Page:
Washington Florist Refusing Service To Gays Faces Lawsuit From Attorney General

r-FLORIST-REFUSES-GAY-WEDDING-huge-e1362695475255The owner of a local floral shop in Richland, Washington that refused service to a gay couple last month may have thought “hugging” her clients was “the end of the story,” but everything isn’t coming up roses for state attorney general Bob Ferguson, who filed suit against her yesterday morning.

Barronelle Stutzman, the owner of Arlene’s Flowers, declined the opportunity to make floral arrangements for a loyal customer’s gay wedding in early March, believing it would tarnish her “relationship with Jesus Christ.” Apparently Jesus didn’t mind her creating bouquets and sending love notes on their behalf for the past nine years—she claims same-sex marriage is a different monster entirely.

“Under the Consumer Protection Act, it is unlawful to discriminate against customers on the basis of sexual orientation,” Ferguson said in a statement to the press. “If a business provides a product or service to opposite-sex couples for their weddings, then it must provide same-sex couples the same product or service.”

KWKT reports that, on March 28, Stutzman was asked to reconsider her position in a letter from Ferguson (as if the gay customers would even want to return), and was reminded that her business had failed to comply with Washington state laws. Stutzman’s attorney responded on Monday, claiming that they’re prepared to challenge the state at any cost.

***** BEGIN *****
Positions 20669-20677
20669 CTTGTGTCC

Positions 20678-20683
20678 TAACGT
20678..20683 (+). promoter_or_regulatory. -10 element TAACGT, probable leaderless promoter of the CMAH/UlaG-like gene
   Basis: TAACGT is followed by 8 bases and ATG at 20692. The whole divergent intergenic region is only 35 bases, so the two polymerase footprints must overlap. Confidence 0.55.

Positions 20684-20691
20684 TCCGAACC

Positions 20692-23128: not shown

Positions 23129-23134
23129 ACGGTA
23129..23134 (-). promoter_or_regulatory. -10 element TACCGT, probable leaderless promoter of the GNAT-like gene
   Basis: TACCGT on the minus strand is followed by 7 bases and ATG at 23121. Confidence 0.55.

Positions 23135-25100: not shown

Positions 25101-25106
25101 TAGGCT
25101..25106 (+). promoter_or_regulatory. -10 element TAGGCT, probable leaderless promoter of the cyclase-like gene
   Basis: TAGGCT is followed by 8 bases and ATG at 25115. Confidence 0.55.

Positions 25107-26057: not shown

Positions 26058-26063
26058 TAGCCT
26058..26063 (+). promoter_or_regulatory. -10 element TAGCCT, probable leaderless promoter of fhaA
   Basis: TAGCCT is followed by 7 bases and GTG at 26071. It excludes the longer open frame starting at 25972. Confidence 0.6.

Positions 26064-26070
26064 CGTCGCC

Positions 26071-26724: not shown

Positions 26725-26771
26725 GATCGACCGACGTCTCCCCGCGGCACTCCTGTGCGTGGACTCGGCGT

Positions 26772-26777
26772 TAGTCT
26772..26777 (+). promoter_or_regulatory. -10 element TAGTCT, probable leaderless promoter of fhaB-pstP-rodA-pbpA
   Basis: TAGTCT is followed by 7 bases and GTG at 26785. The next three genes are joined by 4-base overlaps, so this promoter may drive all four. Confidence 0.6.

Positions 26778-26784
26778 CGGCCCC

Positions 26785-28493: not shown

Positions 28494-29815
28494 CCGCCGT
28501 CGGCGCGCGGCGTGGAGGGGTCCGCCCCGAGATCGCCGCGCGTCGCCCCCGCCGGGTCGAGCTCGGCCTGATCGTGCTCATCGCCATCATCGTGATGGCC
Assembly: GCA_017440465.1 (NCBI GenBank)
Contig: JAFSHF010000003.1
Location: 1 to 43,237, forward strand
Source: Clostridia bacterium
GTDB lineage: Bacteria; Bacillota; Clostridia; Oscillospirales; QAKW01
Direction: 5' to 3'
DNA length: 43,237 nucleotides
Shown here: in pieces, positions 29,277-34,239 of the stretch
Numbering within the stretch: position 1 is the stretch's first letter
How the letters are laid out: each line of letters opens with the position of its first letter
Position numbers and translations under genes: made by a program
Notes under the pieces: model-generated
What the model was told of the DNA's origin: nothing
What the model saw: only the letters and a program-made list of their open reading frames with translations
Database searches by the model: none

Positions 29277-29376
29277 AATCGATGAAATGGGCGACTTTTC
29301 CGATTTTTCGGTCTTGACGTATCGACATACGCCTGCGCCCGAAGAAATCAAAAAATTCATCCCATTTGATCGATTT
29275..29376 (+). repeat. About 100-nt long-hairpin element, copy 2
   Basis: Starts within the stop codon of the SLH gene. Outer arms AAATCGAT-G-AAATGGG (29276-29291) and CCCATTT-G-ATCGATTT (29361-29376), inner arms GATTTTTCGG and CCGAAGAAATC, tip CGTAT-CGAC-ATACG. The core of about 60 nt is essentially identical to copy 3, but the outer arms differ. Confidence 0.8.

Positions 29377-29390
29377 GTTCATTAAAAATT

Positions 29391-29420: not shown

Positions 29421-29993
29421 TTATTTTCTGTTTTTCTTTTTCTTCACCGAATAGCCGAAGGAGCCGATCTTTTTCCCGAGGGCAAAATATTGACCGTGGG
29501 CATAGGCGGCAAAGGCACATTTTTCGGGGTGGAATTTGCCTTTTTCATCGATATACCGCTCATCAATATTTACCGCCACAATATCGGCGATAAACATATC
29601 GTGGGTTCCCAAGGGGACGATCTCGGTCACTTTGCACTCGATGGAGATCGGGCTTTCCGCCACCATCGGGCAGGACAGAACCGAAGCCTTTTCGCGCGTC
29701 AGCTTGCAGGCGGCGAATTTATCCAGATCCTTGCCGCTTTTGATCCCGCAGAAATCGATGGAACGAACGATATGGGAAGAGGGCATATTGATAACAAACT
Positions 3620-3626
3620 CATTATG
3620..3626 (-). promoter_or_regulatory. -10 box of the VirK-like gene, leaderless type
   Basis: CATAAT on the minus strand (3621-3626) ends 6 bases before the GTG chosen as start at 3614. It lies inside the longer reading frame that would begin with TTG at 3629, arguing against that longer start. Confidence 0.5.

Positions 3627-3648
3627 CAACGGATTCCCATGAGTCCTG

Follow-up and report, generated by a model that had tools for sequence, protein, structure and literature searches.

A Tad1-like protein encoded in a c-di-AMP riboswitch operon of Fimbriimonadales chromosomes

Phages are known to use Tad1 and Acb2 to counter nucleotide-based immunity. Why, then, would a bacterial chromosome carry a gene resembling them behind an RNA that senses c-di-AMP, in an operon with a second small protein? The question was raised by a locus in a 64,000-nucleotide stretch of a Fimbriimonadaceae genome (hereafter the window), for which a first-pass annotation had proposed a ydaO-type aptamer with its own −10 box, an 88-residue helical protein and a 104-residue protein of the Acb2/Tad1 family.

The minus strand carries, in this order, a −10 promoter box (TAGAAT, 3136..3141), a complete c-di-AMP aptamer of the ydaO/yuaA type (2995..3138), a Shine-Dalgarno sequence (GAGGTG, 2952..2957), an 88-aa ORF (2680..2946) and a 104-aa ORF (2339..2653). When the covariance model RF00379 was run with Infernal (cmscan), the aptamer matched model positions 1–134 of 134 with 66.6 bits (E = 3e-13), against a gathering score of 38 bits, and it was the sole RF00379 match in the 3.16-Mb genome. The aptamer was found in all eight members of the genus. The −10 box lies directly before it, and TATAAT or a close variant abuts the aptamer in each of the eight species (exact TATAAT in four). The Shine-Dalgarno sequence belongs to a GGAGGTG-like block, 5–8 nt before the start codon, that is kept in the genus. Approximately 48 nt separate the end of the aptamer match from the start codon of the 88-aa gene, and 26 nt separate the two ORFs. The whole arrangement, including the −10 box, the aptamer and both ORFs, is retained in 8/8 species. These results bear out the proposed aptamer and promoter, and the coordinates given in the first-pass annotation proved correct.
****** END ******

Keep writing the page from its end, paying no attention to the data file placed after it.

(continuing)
And surprisingly, the old biddy is putting her money where her mouth is. She claims that making floral arrangements for a wedding “is a creative process [that] takes artistic talent. All artists consider what they do to be an expression.”

Furthermore, Stutzman and her attorney are now claiming that her floral shop is a beacon of freedom-of-expression, and the government is attempting to infringe on her “right to free religious exercise” by forcing her to lend her craft to a ceremony she doesn’t agree with.

This old biddy seems to be forgetting that some of the world’s greatest artists didn’t answer to authority because they weren’t running a profitable business under state and federal laws. Artist or not, the “open” sign hanging in her front window should legally welcome all potential customers, not just the ones she thinks are worthy of enjoying her art.